Immunocontraception involves stimulating immune responses against gametes or reproductive hormones thus preventing conception. The method is being developed for the humane control of pest and overabundant populations of mammalian wildlife. This paper examines three fundamental issues associated with its use: (1) the difficulties of obtaining responses to self-antigens, (2) the likely evolution of genetically based non-response to immunocontraceptive agents, and (3) the possible changes in the array of pathogens possessed by the target species after generations of immunocontraception. Our review of the literature demonstrates that the barriers to an effective immunocontraceptive are at present very basic. Should they be overcome, the effects of immunocontraception on the immunogenetic constitution of wildlife populations through the selection for non-responders must be examined. We suggest that the attempt to use the animal’s own immune system to modulate reproduction may be incompatible with the basic biological function of protection against infectious disease. Research programs on mammalian immunocontraception should involve measurement of the heritability of non-response and an assessment of the likely change in the response of the contracepted population to possible pathogens.
The regulation of human and animal population numbers constitutes a difficult and largely unsolved contemporary problem. In the developed world, steroid contraceptives for humans are both widely used and efficacious. Elsewhere they are too costly. The development of less expensive methods is considered necessary (Aitken et al. 1993). One such method is immunocontraception, i.e. the vaccination against sperm, eggs, or reproductive hormones to prevent either fertilization or the production of gametes. Attempts to design human immunocontraception have a long history (Joshi 1973, Stevens 1975, Basten 1988, Gupta & Talwar 1994). The targets include sperm antigens, oocyte antigens, especially zona pellucida proteins (PZP), gonadotropin riboflavin carrier protein, gonadotropins and gonadotropin releasing hormones (Delves et al. 2002). The most advanced method involves immunization against human chorionic gonadotropin, in reality a method of very early pregnancy termination (Baird 2000). It now seems likely that problems associated with autoimmune disease and variability of response will prevent any widespread use of immunocontraception in humans in the foreseeable future (Rao 2001, Aitken 2002). Women’s health advocates have objected to all forms of immunocontraception because of perceived health risks and the potential for political abuse of the vaccine (Richter 1994). Human male immunocontraceptives have received much less attention and do not appear to be feasible in the near future (Delves et al. 2002).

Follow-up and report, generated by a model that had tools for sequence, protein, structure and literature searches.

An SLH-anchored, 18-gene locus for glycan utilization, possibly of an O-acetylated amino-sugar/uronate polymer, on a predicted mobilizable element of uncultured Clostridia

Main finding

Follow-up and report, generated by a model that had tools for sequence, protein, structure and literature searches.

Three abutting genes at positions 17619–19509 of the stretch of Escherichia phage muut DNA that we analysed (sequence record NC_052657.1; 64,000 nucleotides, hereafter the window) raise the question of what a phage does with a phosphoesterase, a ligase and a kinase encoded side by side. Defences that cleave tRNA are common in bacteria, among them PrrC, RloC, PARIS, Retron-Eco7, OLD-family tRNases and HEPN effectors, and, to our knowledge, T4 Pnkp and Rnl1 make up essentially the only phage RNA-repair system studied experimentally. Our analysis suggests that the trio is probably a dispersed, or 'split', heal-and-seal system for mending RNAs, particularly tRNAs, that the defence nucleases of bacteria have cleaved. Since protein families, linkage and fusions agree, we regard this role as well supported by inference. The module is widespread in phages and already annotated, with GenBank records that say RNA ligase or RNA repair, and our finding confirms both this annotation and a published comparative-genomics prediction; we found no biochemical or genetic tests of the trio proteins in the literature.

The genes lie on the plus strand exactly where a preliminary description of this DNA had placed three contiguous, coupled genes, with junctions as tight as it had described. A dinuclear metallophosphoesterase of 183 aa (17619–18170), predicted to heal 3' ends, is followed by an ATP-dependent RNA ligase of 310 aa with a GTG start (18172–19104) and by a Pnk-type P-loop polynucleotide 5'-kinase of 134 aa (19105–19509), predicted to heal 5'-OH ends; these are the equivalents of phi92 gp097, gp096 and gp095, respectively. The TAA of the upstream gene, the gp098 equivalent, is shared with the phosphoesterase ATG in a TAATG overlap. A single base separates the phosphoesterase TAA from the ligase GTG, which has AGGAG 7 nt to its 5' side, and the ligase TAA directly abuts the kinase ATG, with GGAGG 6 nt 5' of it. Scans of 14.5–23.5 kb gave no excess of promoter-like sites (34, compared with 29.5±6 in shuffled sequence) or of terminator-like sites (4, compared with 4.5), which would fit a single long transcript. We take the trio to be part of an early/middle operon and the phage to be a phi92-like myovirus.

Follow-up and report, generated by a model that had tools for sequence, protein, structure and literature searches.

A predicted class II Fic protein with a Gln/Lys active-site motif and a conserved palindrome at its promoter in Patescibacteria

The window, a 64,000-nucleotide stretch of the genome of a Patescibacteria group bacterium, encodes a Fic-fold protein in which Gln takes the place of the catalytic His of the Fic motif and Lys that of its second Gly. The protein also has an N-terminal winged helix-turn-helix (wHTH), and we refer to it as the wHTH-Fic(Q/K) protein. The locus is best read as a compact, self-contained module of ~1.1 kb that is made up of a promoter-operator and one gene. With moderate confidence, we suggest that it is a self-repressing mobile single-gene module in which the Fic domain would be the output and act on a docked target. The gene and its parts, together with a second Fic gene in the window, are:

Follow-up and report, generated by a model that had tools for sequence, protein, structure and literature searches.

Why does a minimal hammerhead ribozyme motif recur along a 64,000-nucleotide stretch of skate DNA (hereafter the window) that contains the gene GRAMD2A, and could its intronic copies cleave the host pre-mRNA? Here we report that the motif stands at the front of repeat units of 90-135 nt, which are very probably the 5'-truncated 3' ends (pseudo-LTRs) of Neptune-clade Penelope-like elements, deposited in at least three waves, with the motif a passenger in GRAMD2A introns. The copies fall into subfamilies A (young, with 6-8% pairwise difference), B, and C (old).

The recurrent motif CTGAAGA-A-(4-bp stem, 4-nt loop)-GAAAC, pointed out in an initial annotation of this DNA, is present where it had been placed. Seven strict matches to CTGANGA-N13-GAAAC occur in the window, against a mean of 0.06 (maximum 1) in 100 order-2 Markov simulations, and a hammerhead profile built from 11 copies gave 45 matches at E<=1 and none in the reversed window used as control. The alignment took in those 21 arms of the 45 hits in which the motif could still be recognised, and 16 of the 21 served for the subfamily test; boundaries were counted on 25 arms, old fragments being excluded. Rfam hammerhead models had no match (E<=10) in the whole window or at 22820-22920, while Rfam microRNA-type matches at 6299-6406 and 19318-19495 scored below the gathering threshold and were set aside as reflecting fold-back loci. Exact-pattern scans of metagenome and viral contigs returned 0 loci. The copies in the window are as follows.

Immunocontraceptives for wild animals have a different objective than those for humans. Their main aim is to check population growth rather than to contracept particular individuals. If some animals are irreversibly sterilized so much the better whereas such an effect in human medicine would be ethically most undesirable. Immunocontraceptives for animals are ostensibly humane and could potentially be used on the large scale required for wildlife population regulation. Research progress to date has been reviewed in Tyndale-Biscoe (1991, 1994), Barber & Fayrer-Hosken (2000), Barlow (2000), and Cooper & Herbert (2001). Three fundamental questions remain to be addressed: (1) Can sufficiently strong immune responses be provoked against the antigens (immunogens) of gametes or reproductive hormones to cause contraception in a proportion of animals large enough for effective population management? (2) How rapidly will variation in these responses lead to the evolution of failure to respond to the immunocontraceptive agent? (3) What will be the ecological consequences of the likely changes to the immunogenetic constitution of the population as a result of selection for non-responders? In particular, will the endemic pathogens of the species change? There is considerable information which allows us to answer at least in part the first two questions. The third is of fundamental importance but even a preliminary answer is not possible at present.
Population control of native and exotic mammals is generally justified by environmental degradation, competition with and predation on native wildlife, conflicts with humans over food production, potential spread of pathogenic infectious diseases and the possibility of population crashes of over-abundant fauna or of wildlife populations near urban areas. Although still in its infancy, immunocontraception is regarded as being more humane than the traditional methods of wildlife population control, such as shooting, trapping, poisoning, or pathogenic agents and its use has strong support from influential animal welfare agencies worldwide (Oogjes 1997, Grandy & Rutberg 2002). Table 1 lists mammalian species for which immunocontraception is being investigated and for which the method could be applied. In all these species, there are at present no completely efficacious, cost-effective, or socially acceptable methods for population regulation available.